The Pelham Lab is housed at the UC San Diego Department of Psychiatry since 2022.
We research externalizing spectrum psychopathology and substance use among children and adolescents.
Our core focus is understanding what we call the "basic technology" of parenting - how parenting changes youth behavior and promotes healthy outcomes.
Our work is supported by several funders:
National Institute on Drug Abuse (NIDA)
National Institute on Alcohol Abuse and Alcoholism (NIAAA)
Brain and Behavior Research Foundation (BBRF)
California Department of Cannabis Control (DCC)
Canadian Institute on Health Research (CIHR)
UC San Diego Academic Senate
Below are just a few of the questions we are studying in ongoing projects.
How does parenting reduce problem behavior?
Hundreds of studies have shown that teens have better outcomes when their parents are warm and supportive, use more effective discipline, and regularly track their teens' location and activities.
However, our understanding of the association between problem behavior and parenting remains largely "black box." We lack the clear theory, rigorous tests of causality, and careful consideration of the timing of effects that is necessary to fully realize the potential of parenting as a mechanism of change to improve the lives of youth and their families.
With funding from NIDA, we are pursuing a more precise understanding of how parenting reduces risk for substance use and other problem behaviors by answering the following questions:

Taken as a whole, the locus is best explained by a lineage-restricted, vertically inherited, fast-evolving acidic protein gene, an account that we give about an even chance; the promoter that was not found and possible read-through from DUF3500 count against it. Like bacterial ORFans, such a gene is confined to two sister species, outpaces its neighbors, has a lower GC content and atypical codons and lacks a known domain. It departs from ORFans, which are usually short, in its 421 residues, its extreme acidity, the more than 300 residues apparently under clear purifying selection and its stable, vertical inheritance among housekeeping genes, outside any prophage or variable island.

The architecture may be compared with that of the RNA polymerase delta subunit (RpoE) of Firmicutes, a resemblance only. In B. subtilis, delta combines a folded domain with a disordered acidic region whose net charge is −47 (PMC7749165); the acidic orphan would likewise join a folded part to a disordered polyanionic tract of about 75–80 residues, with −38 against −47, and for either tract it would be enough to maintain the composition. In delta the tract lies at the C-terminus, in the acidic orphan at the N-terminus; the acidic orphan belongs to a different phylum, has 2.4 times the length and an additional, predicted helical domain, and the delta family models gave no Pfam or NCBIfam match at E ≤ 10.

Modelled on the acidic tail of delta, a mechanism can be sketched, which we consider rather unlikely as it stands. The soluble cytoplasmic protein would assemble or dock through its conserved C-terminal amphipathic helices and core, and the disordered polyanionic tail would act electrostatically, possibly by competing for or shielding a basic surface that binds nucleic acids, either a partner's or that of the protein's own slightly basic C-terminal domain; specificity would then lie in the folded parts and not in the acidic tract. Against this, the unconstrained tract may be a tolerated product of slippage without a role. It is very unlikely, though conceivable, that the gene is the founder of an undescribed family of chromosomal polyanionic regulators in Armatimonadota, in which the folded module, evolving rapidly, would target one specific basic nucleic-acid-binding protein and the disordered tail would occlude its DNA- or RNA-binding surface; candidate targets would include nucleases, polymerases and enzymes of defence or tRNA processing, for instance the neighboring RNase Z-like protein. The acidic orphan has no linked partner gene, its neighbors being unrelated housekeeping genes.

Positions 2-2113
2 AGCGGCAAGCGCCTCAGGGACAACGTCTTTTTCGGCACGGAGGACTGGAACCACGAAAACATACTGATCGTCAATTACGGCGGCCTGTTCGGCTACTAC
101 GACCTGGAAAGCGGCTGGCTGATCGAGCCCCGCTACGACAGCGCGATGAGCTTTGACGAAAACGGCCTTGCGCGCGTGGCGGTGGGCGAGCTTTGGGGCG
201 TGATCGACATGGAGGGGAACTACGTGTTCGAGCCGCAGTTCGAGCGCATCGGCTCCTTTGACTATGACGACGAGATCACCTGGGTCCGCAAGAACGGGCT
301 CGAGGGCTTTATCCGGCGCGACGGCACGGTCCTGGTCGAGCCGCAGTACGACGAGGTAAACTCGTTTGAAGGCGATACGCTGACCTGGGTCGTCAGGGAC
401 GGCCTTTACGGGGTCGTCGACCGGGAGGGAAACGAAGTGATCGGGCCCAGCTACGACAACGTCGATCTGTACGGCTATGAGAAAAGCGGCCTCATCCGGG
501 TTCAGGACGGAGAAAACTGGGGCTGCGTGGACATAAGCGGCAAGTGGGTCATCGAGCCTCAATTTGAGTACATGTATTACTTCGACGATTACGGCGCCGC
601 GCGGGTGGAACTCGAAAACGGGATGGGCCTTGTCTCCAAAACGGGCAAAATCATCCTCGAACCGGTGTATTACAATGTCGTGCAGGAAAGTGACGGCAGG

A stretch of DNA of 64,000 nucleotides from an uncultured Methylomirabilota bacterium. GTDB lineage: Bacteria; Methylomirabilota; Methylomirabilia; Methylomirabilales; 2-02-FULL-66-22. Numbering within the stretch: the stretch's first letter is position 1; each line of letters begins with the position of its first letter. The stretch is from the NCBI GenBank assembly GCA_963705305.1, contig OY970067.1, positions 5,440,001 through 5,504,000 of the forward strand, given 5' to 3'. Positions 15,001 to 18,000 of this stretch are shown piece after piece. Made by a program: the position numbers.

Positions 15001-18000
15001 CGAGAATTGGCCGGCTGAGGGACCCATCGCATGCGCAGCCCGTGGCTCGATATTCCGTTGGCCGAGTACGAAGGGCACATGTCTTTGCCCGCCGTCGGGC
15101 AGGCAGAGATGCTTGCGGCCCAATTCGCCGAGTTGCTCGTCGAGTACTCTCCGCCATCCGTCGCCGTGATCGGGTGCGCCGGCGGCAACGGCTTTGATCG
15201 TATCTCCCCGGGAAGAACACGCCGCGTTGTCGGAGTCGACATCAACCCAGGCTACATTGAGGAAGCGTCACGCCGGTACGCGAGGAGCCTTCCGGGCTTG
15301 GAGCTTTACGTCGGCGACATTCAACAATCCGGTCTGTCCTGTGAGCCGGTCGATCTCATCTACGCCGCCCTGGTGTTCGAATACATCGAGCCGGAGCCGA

What are the mediating mechanisms that relate parenting to problem behavior?
What is the timescale of effects of parenting behavior - how quickly and for how long is risk of problem behavior reduced?
Which specific parenting behaviors are more or less important for driving youth outcomes?
We are investigating questions like these via both secondary data analysis of longitudinal studies, meta-analysis, and primary data collection.
Can we predict children's risk of problematic substance use during adolescence?
With funding from NIDA, we are trying to develop free, brief, practical screening instruments that can estimate the risk of early-onset, high-risk alcohol and drug use among substance-naive children.
Our goal is to enable efficient and accurate triage of families at high risk into preventive interventions.
Why do substance use and potentially traumatic events co-occur during adolescence?
Dozens of studies have studied how and why posttraumatic stress disorder (PTSD) and substance use disorder (SUD) co-occur among adults. However, these theories cannot be easily tested among adolescence because those theories were not created to generalize to adolescents.
We are pursuing a more precise understanding of how and why substance use and potentially traumatic events co-occur during adolescence by answering the following questions:
Do the existing theories of co-occurring PTSD and SUD generalize to adolescents?
What changes must be made to existing theories for them to apply to adolescents?
We investigate questions like these via secondary data analysis projects and theory development.
How did the COVID-19 pandemic affect substance use among adolescents?
Advent of the COVID-19 pandemic changed the daily lives of teens in unprecedented ways.
With funding from NIAAA, we are investigating how these changes may have affected teen's alcohol and drug use.
Among those in early adolescence, we are finding reduce rates of alcohol use but increased rates of nicotine use and prescription drug misuses.
Ongoing analyses are probing possible variability in the pandemic's effect, the impact of vaccination against COVID-19, and the relationship between infection with COVID-19 and proximal alcohol and drug use.
Read about some of our findings on the Child & Family Blog.